After much pondering of the situation, I sought out a recipe for homemade milk-replacer for rabbits on the internet and bought some pet bottles so we could feed the little rabbits by hand. They were flighty, slippery little creatures, but they were hungry. Keely named them Abbot and Costello, and developed a method of wrapping them gently in a towel for feeding. That way, they could shrink into the towel rather than darting forward if they were startled.

Unfortunately, Abbot died, and then we had just Costello to nurse along. I read that rabbits have fragile bones and I became concerned about the kittens hurting him because they were much larger and they played roughly. We decided to move Costello to a nest of dry grass clippings in the bottom of a large round garbage can in the house.

Costello was terribly nervous whenever we handled him. He couldn't help it; that's the way rabbits are, especially wild ones. I guess he became about as tame as a little wild rabbit can be. Sometimes as he drank his bottle, he closed his little eyes and seemed to enjoy it and maybe even dozed a little as I sat very still and held him, bundled in his little feeding towel.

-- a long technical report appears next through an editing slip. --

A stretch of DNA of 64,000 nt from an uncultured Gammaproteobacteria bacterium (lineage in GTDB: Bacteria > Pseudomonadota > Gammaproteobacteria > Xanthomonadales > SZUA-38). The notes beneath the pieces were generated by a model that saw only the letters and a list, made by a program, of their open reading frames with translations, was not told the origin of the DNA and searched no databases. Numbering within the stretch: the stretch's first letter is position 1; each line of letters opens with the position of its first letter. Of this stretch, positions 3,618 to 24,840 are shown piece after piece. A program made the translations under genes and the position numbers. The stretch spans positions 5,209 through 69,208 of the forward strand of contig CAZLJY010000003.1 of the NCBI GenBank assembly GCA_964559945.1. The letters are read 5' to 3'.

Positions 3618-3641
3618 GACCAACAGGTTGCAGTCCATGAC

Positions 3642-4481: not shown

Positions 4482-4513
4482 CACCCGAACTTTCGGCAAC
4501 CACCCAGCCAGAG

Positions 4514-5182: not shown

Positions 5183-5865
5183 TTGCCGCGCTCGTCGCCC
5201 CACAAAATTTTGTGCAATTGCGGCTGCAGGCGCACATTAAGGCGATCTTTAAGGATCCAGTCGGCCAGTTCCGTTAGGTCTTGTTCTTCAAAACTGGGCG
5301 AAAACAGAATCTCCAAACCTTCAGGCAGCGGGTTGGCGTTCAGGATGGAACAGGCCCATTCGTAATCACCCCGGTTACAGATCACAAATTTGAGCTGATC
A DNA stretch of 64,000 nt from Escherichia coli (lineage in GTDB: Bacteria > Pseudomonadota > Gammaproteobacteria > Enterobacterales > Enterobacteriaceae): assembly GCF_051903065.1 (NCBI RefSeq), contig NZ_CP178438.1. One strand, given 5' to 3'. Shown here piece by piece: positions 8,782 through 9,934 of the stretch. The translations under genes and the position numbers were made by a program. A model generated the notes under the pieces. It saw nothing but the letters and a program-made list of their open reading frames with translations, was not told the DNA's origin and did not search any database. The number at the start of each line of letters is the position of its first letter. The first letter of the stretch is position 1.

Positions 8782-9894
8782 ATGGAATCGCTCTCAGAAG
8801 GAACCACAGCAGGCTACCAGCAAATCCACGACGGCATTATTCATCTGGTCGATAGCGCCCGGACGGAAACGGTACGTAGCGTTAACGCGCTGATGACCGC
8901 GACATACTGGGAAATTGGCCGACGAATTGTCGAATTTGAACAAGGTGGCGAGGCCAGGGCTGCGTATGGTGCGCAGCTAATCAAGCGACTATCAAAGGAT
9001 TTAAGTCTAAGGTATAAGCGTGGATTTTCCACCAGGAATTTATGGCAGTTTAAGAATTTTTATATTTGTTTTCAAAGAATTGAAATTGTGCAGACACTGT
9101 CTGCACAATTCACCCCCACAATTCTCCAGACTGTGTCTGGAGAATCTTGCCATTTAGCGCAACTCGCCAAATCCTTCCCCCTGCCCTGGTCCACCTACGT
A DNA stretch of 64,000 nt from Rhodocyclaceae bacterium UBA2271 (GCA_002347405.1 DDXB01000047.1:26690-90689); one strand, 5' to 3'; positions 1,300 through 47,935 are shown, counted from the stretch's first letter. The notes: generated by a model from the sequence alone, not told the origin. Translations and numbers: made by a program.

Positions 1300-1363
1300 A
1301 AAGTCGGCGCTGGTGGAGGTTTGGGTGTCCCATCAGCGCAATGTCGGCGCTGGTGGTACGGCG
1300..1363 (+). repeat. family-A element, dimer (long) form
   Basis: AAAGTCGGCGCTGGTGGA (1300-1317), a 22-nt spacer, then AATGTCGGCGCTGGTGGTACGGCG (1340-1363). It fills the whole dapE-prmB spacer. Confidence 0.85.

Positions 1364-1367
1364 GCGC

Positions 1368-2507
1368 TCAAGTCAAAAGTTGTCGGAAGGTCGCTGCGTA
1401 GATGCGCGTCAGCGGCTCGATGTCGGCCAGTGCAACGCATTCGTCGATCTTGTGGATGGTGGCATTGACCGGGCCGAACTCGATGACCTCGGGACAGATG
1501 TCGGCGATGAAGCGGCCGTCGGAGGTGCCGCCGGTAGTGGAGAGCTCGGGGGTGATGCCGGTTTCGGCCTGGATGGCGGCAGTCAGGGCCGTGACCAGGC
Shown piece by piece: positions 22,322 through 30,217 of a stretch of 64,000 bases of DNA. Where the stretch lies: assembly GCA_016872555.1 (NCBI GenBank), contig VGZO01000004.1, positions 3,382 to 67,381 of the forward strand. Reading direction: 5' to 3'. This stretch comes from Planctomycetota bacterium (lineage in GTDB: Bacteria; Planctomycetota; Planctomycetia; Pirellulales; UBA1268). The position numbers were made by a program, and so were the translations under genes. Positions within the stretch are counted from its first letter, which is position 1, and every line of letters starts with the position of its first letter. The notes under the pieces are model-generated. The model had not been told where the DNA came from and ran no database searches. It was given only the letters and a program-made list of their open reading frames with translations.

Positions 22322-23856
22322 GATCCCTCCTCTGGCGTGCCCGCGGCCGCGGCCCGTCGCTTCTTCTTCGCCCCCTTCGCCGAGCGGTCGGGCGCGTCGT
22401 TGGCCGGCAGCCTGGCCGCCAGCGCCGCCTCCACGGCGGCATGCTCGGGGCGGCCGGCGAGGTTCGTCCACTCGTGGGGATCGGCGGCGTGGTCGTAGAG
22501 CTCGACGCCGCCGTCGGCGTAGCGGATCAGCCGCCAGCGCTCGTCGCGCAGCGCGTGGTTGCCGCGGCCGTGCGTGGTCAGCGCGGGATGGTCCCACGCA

He developed sharp teeth that could sever a pet bottle nipple with a single chomp. I started giving his milk to him in a drinking bottle designed for hamster and rat cages. It had a long metal tube with a metal marble in the end of it. Costello quickly learned to push the marble up just enough that a trickle of milk flowed out of the tube into his mouth.

He grew rapidly. When he developed a hearty appetite for clover we picked from the lawn for him, I knew that he could probably survive on his own. One sunny day, I took him out to the hedgerow along the back fence where there's a thick cover of unmowed vegetation, and I said goodby to the little guy. After I released him, he sat still for a moment and then crept away into the tall grass. I couldn't help worrying about him!